I have two CS degrees, concentrated heavily on the math side of things, and I specialize in static analysis. And that featured image makes my eyes glaze over.  So let’s hit the reset button here.  Let’s make the subject at least approachable and maybe, just maybe, even interesting.

Defining Static Analysis Dead Simply

Whether you’re a grizzled programming veteran, fresh out of a bootcamp, or can’t program a lick, you can understand the concept.  I’ll use an analogy first, to ease into things.

When you write software, you write instructions in a format that you and other programmers understand.  A program called the compiler (in many cases) then translates these into terms that computers understand and eventually into automation output.  So think of programming as writing a grocery list for a personal shopper.  You write down what you want, in easily understood terms.  The personal shopper then maps this list to his knowledge of the grocery store’s layout and eventually produces output in the form of food that he brings you.

What, then, is static analysis in this world?  Well, it’s analyzing the written grocery list itself and using it to speak to what the grocery shopping and groceries will be like.  For instance, you might say, “Wow, 140 watermelons, huh?  We’re going to need to rent a truck, so that’s going to cost you extra.”

When it comes to writing code, people usually reason about it by running it and seeing what happens.  In our world, that means the shopper simply takes the list, goes on the shopping trip, and sees how things go.  “Wow, this is a lot of watermelon,” he says as he fills the 15th cart full of the things.  Only then does he start to understand the ramifications of this.

Static analysis capitalizes on the fact that you can understand things about the upcoming grocery run without actually executing it.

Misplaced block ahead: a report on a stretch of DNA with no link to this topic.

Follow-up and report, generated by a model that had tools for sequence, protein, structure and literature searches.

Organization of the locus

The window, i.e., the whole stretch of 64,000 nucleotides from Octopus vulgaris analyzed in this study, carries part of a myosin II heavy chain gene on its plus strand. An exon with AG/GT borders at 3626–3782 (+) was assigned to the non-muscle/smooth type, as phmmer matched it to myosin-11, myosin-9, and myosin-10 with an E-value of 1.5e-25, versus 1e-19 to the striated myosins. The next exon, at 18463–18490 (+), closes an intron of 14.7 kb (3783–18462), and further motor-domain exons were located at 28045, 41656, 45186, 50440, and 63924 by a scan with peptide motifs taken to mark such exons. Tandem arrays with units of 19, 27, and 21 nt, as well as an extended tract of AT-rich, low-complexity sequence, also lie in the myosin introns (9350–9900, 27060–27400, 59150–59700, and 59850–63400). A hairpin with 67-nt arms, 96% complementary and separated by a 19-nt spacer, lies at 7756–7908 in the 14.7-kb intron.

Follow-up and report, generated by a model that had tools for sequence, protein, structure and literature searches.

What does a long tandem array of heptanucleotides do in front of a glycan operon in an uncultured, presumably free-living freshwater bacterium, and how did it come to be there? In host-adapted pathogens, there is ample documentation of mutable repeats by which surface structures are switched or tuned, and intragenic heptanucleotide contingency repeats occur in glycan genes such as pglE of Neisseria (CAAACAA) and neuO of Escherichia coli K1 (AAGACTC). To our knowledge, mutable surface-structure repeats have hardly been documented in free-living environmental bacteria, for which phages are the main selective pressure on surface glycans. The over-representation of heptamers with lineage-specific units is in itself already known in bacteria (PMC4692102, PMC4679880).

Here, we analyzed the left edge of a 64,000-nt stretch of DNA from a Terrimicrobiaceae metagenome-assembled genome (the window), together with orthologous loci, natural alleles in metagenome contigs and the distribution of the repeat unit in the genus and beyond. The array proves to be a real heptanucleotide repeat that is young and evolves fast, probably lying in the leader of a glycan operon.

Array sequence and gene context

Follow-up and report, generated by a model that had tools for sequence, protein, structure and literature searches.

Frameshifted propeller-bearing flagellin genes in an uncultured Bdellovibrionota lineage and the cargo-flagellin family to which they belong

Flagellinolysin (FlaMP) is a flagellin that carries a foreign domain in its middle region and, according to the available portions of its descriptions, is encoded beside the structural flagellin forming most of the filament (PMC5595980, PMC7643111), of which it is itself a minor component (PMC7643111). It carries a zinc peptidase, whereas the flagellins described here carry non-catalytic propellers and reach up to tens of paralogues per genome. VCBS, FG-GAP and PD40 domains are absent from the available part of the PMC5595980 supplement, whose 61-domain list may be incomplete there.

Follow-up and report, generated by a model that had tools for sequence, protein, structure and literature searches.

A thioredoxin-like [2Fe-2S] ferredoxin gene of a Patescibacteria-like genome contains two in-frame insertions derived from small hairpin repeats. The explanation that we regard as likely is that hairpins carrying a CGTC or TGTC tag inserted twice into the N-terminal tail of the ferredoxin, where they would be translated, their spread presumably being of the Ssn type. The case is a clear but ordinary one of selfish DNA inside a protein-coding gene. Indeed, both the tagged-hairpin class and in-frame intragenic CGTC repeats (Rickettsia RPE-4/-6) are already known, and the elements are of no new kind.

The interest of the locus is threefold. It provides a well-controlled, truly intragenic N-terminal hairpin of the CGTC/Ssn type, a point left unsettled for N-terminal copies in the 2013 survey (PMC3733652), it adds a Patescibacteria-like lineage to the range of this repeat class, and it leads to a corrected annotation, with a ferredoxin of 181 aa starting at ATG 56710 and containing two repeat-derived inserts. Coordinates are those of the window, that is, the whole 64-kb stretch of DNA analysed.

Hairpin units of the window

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Should You Aim for 100 Percent Test Coverage?

Test coverage serves as one of the great lightning rods in the world of software development.  First, people ask whether it makes for a good metric at all.  Then they ask, if you want to use it as a metric, should you go for 100 percent coverage?  If not, what percentage should you go for? Maybe 42 percent, since that’s the meaning of life?

I don’t mean to trivialize an important discussion.  But sometimes it strikes me that this one could use some trivializing.  People dig in and draw battle lines over it, and counterproductive arguments often ensue.  It’s strange how fixated people get on this.

I’ll provide my take on the matter here, after a while.  But first, I’d like to offer a somewhat more philosophical look at the issue (hopefully without delving into overly abstract navel-gazing along the lines of “What even is a test, anyway, in the greater scheme of life?”)

What Does “Test Coverage” Measure?

First of all, let’s be very clear about what this metric measures.  Many in the debate — particularly those on the “less is more” side of it — quickly point out that test coverage does not measure the quality of the tests.  “You can have 100 percent coverage with completely worthless tests,” they’ll point out.  And they’ll be completely right.